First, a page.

The Harpsichord Diaries
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“The charming 'Harpsichord Diaries' merits applause from music lovers of all ages. Homespun haikus form the text of this imaginative, engaging treat. Found in Grandma's attic, the diary magically introduces a centuries-wide range of repertoire and exquisite instruments while pleasing our eyes with delightful images. Altogether a lovable publication, worth reading aloud."

Laurence Libin is emeritus curator of musical instruments at The Metropolitan Museum of Art, honorary curator of Steinway & Sons, past president of the Organ Historical Society, and editor-in-chief of the Grove Dictionary of Musical Instruments. He lectures internationally and has taught in the graduate schools of Columbia and New York University.



“The Harpsichord Diaries whisks you along on a child's whimsical journey through time. Rivers of sprightly harpsichord music carry you through a fantastical world of enchanting drawings and crisp text that leaves you, at times, thinking in rhymes. Though always entertaining, the message comes through that there are musical treasures waiting for you to re-discover and experience.”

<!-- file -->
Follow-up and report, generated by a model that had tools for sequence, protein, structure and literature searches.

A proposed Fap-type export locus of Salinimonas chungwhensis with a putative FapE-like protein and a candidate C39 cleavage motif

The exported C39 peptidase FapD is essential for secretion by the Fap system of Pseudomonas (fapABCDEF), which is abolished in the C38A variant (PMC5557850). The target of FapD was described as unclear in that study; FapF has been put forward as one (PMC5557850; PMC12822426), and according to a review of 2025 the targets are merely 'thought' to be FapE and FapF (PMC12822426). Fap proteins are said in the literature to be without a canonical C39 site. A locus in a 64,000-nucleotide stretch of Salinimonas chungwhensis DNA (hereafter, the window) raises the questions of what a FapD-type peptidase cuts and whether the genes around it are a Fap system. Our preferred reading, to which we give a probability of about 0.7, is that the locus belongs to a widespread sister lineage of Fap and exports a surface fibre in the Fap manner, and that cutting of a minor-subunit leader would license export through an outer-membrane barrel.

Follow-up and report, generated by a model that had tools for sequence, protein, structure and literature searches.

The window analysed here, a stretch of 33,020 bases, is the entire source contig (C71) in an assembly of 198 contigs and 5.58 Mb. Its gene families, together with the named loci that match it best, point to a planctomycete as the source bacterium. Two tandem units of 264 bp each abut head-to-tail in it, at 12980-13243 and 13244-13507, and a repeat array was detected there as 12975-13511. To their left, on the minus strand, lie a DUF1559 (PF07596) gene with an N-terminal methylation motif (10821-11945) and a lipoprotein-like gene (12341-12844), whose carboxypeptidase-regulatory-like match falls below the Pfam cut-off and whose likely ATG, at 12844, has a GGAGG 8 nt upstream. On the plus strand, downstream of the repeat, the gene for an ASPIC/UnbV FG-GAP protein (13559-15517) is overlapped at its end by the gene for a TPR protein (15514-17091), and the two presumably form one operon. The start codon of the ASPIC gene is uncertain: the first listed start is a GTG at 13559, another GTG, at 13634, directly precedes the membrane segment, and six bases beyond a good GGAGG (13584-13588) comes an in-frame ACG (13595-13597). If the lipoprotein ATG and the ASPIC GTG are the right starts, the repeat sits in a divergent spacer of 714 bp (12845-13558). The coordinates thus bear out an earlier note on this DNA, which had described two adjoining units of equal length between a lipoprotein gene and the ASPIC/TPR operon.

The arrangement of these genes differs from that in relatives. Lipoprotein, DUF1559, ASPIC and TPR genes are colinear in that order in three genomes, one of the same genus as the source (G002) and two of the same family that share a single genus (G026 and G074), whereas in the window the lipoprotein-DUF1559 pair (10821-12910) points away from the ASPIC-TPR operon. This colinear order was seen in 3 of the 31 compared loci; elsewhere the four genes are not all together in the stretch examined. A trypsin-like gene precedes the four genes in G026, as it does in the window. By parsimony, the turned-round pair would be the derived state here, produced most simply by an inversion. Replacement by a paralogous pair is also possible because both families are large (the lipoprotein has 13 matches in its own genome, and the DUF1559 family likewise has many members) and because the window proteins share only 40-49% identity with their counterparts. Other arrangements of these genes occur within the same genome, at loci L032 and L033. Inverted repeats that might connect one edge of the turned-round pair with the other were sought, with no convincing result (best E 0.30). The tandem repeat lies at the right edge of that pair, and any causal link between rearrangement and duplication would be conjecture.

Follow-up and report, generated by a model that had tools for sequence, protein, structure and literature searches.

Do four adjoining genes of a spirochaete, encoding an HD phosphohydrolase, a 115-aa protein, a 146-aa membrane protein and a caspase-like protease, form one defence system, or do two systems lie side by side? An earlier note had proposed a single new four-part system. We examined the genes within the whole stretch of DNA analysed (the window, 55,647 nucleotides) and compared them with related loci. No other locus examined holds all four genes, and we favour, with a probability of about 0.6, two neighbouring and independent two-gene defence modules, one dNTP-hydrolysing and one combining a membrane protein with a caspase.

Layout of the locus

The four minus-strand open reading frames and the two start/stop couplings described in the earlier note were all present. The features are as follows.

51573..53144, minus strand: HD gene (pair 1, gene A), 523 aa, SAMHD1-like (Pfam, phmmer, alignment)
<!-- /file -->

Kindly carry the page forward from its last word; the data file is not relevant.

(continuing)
John R. Watson is an independent conservator and maker of early keyboard instruments. He retired in 2016 from The Colonial Williamsburg Foundation where he served as conservator of instruments and curator of musical instruments

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“The collaborative effort of harpsichordist Elaine Funaro and her twin children Eric and Andrea, The Harpsichord Diaries is a love story—the love of a little girl for the harpsichord and its music. Skillfully written in unobtrusive haikus by Funaro, illustrated by Andrea in a simple, colorful, cartoonish style reminiscent of Dr. Seuss, and narrated by Eric in an appropriately pixieish manner, it tells the story of little Elena and her repeated attempts to master Bach's C Major Prelude from the Well-Tempered Clavier. Discouraged, she takes to the attic, where she discovers the Diaries. Elena opens the book and falls under its spell, descending into the world of the harpsichord like Alice descending into Wonderland. Elena's adventures unfold leisurely, accompanied by the impeccable playing of Funaro. To say more would give it all away, but suffice to say, Elena finally returns to Bach with renewed purpose.”

  • It is a lovely story, beautifully drawn, lovingly told, appropriately paced, with a message few of us would disagree with: "Constant companion, Cross countries and centuries, Music is timeless"

  • To which one might add: "Particularly if it's harpsichord Music!"

  • To which I might add: "And what's wrong with that!"

Ed Kottick is professor emeritus of musicology at The University of Iowa. His fields of scholarly expertise are early keyboard instruments, performance practice, and musical acoustics, and he has published more than 50 articles and reviews on these subjects. He has written three books on the harpsichord and received the Curt Sachs award for his "distinguished work as a scholar, author, lecturer, builder, and designer.